Do you enjoy working in the garden? Do you find joy in watching plants grow from tiny seedlings into full-fledged flowers? If so, then a job at a plant nursery might be perfect for you!
Whether you’re searching for a new, full-time career or a side job for spending cash, this can be a valuable and profitable role. There are opportunities for growth and plenty to learn as you discover how to tend to and care for the plants under your watch.
Today, we’re taking a closer look at this job role. What does it include and how can you get your foot in the door? We’ll answer it all so you can take your next steps with confidence.
What Is a Plant Nursery?
A plant nursery is a designated place where plants are propagated and cared for until they reach a certain age. Once this milestone occurs, the nursery will sell the plants to interested buyers.
There are a few different types of plant nurseries, including:
- Retail nurseries
- Wholesale nurseries
- Private nurseries
Let’s review each of these in greater detail.
Unless you’re a professional landscaper or commercial gardener, chances are high that you’ve only shopped at a retail nursery. These locations are open to the general public, and anyone interested in buying plants can do so here. The garden center at your local supermarket is one example of a retail nursery.
Wholesale nurseries do not sell plants to the general public. Instead, they reserve their products for other businesses, such as other local nurseries. Most of the time, commercial gardeners can also purchase plants here.
Private nurseries are the most exclusive on this list. Typically, they serve the plant needs of a single institution, such as a college or university. They may also establish one-on-one relationships with private estate owners who have the means to access such resources.
Working in a Plant Nursery: What to Expect
Are you curious about the roles and responsibilities that nursery workers must follow? Next, let’s review the details surrounding this job and what you can expect.
Most nursery workers will work in two locations: outside or in a greenhouse. You should feel comfortable working in your local climate, as you’ll be laboring directly in it most days.
Nursery workers are directly responsible for tending to the plants, shrubs, and trees that they’re assigned to watch. A few of the tasks you might be required to complete include:
- Planting the plants and seedlings
- Preparing plant beds
- Watering the plants
- Transplanting the plants to new locations
- Pruning the plants
- Providing general care for the plants
- Determine how many plants and shrubs to plant
In addition to monitoring the quality of your designated greenery, you may also need to evaluate the environmental conditions in your area. With this data, you can make adjustments to help the plants grow and develop as successfully as possible.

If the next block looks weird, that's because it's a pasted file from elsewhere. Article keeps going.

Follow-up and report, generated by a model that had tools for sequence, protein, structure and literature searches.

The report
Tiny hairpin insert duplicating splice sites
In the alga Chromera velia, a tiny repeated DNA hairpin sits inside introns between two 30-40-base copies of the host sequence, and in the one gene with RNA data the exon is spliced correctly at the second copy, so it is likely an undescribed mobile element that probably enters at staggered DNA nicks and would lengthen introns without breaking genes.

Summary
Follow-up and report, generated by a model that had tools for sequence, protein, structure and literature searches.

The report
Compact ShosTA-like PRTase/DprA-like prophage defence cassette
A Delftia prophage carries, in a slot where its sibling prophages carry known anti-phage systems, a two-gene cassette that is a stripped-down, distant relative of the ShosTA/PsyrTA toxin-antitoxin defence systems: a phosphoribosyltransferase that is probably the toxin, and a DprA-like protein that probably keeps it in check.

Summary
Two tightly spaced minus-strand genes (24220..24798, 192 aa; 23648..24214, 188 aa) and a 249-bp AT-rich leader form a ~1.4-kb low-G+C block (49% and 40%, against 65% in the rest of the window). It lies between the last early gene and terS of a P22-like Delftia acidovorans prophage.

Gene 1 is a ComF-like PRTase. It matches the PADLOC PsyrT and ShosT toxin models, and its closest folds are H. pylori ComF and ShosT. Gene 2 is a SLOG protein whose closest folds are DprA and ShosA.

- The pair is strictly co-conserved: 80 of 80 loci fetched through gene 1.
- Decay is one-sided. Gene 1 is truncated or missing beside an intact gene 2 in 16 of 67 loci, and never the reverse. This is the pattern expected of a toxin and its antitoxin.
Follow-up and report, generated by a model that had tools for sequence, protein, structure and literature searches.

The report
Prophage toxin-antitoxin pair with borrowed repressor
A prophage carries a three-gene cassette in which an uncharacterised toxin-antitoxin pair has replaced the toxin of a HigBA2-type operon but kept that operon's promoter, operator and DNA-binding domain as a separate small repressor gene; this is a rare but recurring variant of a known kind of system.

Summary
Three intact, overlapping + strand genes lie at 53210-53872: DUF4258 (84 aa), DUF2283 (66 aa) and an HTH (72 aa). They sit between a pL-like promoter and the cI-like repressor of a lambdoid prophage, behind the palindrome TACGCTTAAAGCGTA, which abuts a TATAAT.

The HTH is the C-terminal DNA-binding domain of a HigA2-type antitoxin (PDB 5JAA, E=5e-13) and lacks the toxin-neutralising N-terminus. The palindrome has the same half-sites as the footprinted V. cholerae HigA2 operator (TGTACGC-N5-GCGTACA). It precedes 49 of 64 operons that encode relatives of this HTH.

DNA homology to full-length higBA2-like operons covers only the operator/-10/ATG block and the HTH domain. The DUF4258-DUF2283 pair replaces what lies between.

While they’re still growing in the greenhouse, you will perform a few critical steps to keep the plants before they’re ready to move outdoors. They include:
- Staking young sapling plants
- Tying and wrapping plants
- Packing the plants for transportation
- Digging up shrubs and trees for transportation
As you might imagine, pest management is an integral part of working in a nursery. Depending on your skills and level of seniority, yo you might play a central role in developing the nursery’s pest plan. A few of the techniques you’ll need to brainstorm include:
- How to identify and control local insects
- How to keep rodents and birds away from the plants
- How to prevent weeds from growing around the plants
- How to keep the plants weed-free
- How to safely handle, store, and dispose of any pesticides used
What if you work on an organic farm? In this case, you’ll be responsible for learning about the farm’s designated procedures. You’ll also implement their natural pest control strategies as required.
When you first start working in a plant nursery, you might be responsible for taking care of the grunt work. As you rise in the ranks, however, you might find yourself in more of a management position.
If this is the case, you’ll help the team manage employees and hire new ones as needs arise. This includes scheduling, managing, and communicating with any seasonal workers that are hired to help your company push through the busy season. Keep in mind that this might mean interfacing with someone who speaks a different language than you do, so it can help to find more than one way to relay a message.
Depending on the size of your nursery, you may be required to control irrigation systems. These are advanced watering solutions that are usually programmed and timed for optimization.
A basic degree of programming and computer management knowledge can help you excel in this role.
Any time a customer visits your nursery to buy plants, they’ll turn to you if they have any questions. This requires you to be well-versed in every area of plant care and selection, possessing knowledge that covers trees, flowers, and other types of plants.
To work in this position, you should be comfortable serving in a public-facing role. Excellent communication is a must, as is the ability to break down complicated steps into easy-to-follow instructions.
Do You Want to Work in a Plant Nursery?
Now that you know a little more about what to expect, does a job at a plant nursery sound like a good fit for your skill set? Whether you’ve been in this industry for years or you’re just starting out, you can usually find opportunities at your local nursery, garden center, or landscaping service.
In the meantime, be sure to check our site often for the insider tips you need!